Processing adoption: Conversation with my son, part 2

In part one, I told how my still-and-deep-water son was churning some adoption stuff, and how he trusted me to do it with him. I am honored.

~~~~~

Reed and I were running errands the next day. Tessa stayed home with Daddy to build the first fire of the season. Brrrr….it had gotten chilly!

Bedtime and car time are conducive to touchy subject talk because of the non-confrontational positioning. In the car Reed and I were not face to face, and I knew it was a good time to try to get back into the emotional space we’d been in the night before.

“So remember last night? We were talking about the moment when you became our son. You seemed sad. Do you want to talk about that?”

“I dunno. It’s just that I was sad for Michele. No one wants to give away their baby.”

“That’s so right. It was very hard for Michele to do that. But what about you? What do you suppose that moment felt like for you?”

adoption heartNow some would be content to leave this stone unturned, that not everything has to be dealt with. But my view is that what lies dormant affects us unconsciously. And what is brought to the surface can be felt, examined, and released. My hope is that if my son can become aware of his emotions and motivations at age 8, maybe they won’t get buried over the decades and erupt for him massively later in life. I want to give my children a head start on living mindfully, consciously.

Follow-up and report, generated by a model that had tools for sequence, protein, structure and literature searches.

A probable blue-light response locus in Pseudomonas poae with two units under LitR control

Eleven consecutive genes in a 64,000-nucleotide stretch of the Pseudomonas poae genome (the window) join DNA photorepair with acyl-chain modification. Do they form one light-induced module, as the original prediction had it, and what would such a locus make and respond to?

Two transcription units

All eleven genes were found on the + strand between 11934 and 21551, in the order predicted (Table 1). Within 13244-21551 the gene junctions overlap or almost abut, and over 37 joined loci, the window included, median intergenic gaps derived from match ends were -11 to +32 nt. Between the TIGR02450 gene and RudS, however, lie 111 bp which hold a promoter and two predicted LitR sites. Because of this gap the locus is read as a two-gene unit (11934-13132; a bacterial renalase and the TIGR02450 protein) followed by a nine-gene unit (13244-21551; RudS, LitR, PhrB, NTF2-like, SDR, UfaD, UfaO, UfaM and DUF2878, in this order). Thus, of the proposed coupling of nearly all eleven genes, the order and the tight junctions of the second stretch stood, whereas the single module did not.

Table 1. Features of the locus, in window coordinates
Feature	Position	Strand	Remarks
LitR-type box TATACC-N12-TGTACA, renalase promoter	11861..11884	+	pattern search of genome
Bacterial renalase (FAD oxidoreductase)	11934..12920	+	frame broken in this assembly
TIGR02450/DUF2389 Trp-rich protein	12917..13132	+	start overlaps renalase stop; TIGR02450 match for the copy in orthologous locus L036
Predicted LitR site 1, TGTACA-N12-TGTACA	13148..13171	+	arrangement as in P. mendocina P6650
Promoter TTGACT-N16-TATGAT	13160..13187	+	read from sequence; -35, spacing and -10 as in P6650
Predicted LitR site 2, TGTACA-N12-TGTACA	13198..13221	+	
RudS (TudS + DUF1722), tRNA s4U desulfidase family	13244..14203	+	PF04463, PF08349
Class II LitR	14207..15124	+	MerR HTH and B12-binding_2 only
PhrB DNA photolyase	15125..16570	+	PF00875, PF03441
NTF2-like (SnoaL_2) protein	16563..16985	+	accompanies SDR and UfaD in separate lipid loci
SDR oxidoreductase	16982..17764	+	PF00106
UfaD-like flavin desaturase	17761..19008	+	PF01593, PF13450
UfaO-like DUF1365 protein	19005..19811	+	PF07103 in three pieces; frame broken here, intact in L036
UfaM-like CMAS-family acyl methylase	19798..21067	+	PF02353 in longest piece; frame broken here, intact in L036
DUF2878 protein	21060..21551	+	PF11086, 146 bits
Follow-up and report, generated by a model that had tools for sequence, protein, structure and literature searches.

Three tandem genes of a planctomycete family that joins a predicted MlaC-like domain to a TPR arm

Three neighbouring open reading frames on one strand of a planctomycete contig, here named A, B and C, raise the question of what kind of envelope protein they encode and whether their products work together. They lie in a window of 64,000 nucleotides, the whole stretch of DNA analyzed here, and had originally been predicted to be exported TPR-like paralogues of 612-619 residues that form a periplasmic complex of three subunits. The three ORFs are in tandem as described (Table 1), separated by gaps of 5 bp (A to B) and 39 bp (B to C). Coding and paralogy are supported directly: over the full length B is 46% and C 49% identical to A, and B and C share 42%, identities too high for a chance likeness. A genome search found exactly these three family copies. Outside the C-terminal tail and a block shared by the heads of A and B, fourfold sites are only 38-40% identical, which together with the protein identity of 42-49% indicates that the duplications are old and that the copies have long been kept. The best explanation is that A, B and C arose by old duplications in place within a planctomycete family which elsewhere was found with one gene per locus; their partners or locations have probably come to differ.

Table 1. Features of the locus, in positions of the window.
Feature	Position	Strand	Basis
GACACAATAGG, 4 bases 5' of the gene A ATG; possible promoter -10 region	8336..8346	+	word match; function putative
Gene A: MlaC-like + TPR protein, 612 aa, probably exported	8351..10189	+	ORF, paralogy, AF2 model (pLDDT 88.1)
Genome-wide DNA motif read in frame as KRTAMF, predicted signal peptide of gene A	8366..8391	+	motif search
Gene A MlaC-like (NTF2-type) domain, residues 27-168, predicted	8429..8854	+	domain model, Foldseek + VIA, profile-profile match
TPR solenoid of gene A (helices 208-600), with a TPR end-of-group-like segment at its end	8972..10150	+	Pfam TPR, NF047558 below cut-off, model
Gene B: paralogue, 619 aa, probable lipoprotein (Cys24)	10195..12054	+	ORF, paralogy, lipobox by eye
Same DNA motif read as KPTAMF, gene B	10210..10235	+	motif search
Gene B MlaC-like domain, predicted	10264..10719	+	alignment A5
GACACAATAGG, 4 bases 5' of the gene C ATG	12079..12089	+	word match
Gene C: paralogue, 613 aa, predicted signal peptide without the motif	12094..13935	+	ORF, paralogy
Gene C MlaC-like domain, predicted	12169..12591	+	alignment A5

These lofty goals don’t mean, however, that he was ready to feel the emotions from the moment when he was placed in my arms, from his birth mother’s.

“I think I had a poopy diaper and I wanted it changed,” he laughed a jittery laugh.

“You’re silly,” I said and laughed with him, giving him space and not filling the silence that followed.

Soon he continued, “I probably wanted milk. I had gotten milk from my mom and now I wanted milk from my new mom.” We both sat with that. A few blocks passed in silence.

“You know,” I resumed, “that moment when I became your mom was such a strange time. Everyone in the room was feeling something very intensely. For Michele, it was one of the saddest and hardest days of her life. For Daddy and Tessa and me, it was one of the happiest. Isn’t that strange?”